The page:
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Other Parts of Your Computer System

The computer hardware itself is only part of your overall computer system. A typical PC has additional devices—such as printers—connected to it, and it runs various programs and applications to perform specific tasks.

Providing Additional Functionality with Peripherals

There are lots of other devices, called peripherals, you can connect to your computer, including the following:

  • Printers: A printer enables you to make hardcopy printouts of documents and pictures—and some including copying, scanning, and even faxing capability.

  • Webcams: These are small cameras (typically with built-in microphones) that enable you to send live video of yourself to friends and family. Many laptops and some all-in-ones include built-in webcams.

  • Joysticks and gamepads: These are alternatives to mice that enable you to play the most challenging computer games.

  • External storage: These are just like the hard disk or solid state drives inside your computer, but they connect externally to help you back up your precious data.

You also can hook up all manner of portable devices to your PC, including smartphones, digital cameras, and camcorders. You can even add the appropriate devices to connect multiple PCs in a network, which is useful if you have more than one computer in your house.

Fortunately, connecting a new device is as easy as plugging in a single cable. Whether you have a desktop or laptop PC, or even a tablet, most printers and other devices connect using a special type of cable called a USB cable. Almost all computers have multiple USB connections (sometimes called ports), so you can connect multiple peripherals via USB at the same time.

Doing What You Need to Do with Software and Apps

By themselves, the black or white boxes that comprise a typical computer system aren’t that useful. You can connect them and set them in place, but they won’t do anything until you have some software to make things work.

As discussed earlier, computer hardware refers to those things you can touch—the keyboard, monitor, system unit, and the like. Computer software, however, is something you can’t touch because it’s nothing more than a bunch of electronic bits and bytes. These bits and bytes, however, combine into computer programs—sometimes called applications or just apps—that provide specific functionality to your system.

For example, if you want to crunch some numbers, you need a piece of software called a spreadsheet program. If you want to write a letter, you need a word processing program. If you want to make changes to some pictures you took with your digital camera, you need photo-editing software. And if you want to surf the Internet, you need a web browser.

In other words, you need separate software for each task you want to do with your computer. Fortunately, most new computer systems come with a lot of this software already installed. You might have to buy a few specific programs, but it shouldn’t set you back a lot of money.

Making Everything Work—with Windows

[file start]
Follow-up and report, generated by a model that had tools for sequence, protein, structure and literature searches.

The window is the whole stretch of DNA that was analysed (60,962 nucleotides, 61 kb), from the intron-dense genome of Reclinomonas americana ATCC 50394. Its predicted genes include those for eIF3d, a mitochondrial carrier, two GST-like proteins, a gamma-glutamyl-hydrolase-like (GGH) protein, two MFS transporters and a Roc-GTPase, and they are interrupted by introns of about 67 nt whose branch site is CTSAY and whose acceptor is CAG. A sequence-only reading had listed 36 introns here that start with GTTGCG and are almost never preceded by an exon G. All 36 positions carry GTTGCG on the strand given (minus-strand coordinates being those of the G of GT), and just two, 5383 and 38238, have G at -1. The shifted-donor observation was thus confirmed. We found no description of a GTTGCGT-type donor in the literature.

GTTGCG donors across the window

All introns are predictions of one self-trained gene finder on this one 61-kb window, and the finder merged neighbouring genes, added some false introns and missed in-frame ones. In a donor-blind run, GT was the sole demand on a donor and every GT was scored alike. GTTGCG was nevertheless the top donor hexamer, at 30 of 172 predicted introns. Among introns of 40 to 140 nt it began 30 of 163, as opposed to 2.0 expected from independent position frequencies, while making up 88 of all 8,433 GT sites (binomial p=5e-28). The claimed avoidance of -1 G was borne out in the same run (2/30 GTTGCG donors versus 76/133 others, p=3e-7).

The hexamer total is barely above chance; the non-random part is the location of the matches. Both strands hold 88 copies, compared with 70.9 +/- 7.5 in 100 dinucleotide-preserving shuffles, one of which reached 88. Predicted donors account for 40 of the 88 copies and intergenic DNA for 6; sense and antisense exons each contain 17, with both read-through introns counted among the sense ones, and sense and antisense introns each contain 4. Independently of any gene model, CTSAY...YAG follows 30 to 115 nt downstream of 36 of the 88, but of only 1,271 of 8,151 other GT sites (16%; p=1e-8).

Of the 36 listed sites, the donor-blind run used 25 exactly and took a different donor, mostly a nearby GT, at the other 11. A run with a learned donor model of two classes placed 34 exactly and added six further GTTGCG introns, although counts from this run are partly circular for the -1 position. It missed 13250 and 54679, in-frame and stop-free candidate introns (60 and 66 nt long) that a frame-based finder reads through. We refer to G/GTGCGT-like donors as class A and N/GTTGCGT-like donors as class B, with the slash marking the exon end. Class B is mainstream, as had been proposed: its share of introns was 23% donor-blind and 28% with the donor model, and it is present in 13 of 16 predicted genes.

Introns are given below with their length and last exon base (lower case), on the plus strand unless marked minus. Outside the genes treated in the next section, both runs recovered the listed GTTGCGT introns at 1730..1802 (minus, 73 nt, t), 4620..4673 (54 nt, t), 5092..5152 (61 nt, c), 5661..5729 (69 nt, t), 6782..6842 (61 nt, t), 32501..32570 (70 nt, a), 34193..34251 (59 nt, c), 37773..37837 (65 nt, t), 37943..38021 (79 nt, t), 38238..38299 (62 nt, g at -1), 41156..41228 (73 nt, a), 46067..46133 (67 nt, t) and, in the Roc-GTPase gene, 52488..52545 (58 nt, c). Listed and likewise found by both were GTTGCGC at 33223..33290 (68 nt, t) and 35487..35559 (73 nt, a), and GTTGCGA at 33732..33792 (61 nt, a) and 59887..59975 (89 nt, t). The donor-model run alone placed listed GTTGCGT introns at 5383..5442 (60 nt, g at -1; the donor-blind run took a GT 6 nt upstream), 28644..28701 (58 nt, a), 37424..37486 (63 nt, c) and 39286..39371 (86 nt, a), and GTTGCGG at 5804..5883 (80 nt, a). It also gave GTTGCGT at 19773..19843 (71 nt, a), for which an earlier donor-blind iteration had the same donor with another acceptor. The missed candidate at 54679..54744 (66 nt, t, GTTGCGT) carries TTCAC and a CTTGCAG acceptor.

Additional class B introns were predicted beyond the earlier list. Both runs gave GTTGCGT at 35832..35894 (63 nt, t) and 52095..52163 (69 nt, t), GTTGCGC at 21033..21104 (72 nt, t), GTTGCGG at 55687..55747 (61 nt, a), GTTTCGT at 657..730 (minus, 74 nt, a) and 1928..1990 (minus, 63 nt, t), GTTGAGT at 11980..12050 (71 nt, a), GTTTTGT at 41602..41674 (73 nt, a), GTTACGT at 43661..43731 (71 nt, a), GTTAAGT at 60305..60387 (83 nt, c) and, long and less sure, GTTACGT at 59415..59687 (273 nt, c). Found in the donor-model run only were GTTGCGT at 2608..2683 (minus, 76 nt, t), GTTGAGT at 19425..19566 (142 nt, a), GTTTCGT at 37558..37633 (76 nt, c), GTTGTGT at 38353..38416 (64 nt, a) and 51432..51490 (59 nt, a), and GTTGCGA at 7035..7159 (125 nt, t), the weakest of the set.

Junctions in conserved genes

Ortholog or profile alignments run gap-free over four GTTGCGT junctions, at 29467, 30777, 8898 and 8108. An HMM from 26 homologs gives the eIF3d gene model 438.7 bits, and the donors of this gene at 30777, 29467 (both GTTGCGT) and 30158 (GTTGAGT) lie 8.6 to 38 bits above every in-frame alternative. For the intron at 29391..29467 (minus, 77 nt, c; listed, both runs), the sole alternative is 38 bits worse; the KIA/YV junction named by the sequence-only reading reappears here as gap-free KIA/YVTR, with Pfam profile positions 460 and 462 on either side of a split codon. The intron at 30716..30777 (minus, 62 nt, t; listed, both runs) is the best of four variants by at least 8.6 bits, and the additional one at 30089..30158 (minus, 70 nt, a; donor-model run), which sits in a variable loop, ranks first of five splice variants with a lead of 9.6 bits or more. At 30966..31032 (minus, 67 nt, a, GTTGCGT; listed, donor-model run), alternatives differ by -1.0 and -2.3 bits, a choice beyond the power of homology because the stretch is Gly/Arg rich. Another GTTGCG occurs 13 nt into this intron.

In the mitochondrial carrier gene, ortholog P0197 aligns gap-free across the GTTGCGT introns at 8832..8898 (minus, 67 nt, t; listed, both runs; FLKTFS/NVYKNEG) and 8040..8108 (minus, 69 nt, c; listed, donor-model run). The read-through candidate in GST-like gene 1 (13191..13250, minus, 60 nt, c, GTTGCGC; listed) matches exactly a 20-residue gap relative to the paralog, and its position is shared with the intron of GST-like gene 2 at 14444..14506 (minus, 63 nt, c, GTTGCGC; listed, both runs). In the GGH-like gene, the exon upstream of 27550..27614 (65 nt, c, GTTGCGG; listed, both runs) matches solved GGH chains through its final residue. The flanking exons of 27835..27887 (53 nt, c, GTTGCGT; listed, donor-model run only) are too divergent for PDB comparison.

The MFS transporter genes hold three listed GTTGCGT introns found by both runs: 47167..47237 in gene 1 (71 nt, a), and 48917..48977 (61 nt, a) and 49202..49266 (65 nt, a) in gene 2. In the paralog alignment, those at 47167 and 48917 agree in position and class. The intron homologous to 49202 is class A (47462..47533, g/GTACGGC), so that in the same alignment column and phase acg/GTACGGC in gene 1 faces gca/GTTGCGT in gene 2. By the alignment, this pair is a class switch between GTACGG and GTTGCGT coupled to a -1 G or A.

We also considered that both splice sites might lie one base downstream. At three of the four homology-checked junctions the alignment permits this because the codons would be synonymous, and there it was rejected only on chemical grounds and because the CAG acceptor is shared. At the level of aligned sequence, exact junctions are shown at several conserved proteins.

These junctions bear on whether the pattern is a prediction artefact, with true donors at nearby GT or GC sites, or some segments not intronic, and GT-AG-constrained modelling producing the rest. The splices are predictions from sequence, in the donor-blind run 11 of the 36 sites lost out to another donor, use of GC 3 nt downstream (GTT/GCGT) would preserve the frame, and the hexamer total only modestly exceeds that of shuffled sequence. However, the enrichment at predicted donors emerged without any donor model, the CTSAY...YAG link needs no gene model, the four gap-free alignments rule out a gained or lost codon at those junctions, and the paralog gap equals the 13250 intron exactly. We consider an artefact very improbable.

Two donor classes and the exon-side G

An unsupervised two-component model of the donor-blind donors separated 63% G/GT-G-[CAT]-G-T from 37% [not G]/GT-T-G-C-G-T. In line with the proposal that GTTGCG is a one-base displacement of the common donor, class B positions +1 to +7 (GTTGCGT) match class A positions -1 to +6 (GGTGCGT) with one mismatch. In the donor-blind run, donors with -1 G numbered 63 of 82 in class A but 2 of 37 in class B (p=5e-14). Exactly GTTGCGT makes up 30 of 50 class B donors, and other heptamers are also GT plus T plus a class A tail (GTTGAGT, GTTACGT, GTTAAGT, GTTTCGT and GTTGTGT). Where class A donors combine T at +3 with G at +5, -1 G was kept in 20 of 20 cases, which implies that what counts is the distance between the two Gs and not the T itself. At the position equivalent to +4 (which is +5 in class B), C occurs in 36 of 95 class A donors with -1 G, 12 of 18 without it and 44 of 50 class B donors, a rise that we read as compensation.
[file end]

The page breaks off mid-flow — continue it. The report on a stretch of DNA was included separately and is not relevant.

Whatever program or app you’re using at any time, you interface with your computer via a special piece of software called an operating system. As the name implies, this program makes your system operate; it’s your gateway to the hardware part of your system.

The operating system is also how your application software interfaces with your computer hardware. When you want to print a document from your word processor, that software works with the operating system to send the document to your printer.

Most computers today ship with an operating system called Microsoft Windows. This operating system has been around in one form or another for more than 35 years and is published by Microsoft Corporation.

Windows isn’t the only operating system around, however. Computers manufactured by Apple Computing use a different operating system, called macOS. Therefore, computers running Windows and computers by Apple aren’t totally compatible with each other. Google’s Chrome OS runs on many low-cost Chromebook computers, which are popular with schools across the country. Then there’s Linux, which is compatible with most PCs sold today, but it’s used primarily by über-techie types; it’s not an operating system I would recommend for general users.

But let’s get back to Windows and its various versions. The most current version is called Microsoft Windows 11. If you’ve just purchased a brand-new PC, this is the version you’re using. If your PC is somewhat older, you might be running Windows 10, the immediate predecessor to Windows 11, which was the default OS from July 2015 to October 2021, when Windows 11 was released. If you have an even older computer, it could be running an even older version of Windows.

To some degree, Windows is Windows is Windows; all the different versions do pretty much the same things. Windows 11, however, is much improved over the previous versions, which is why many users have upgraded their older computers to this version.

In any case, you use Windows—whichever version you have installed—to launch specific programs and to perform various system maintenance functions, such as copying files and turning off your computer.

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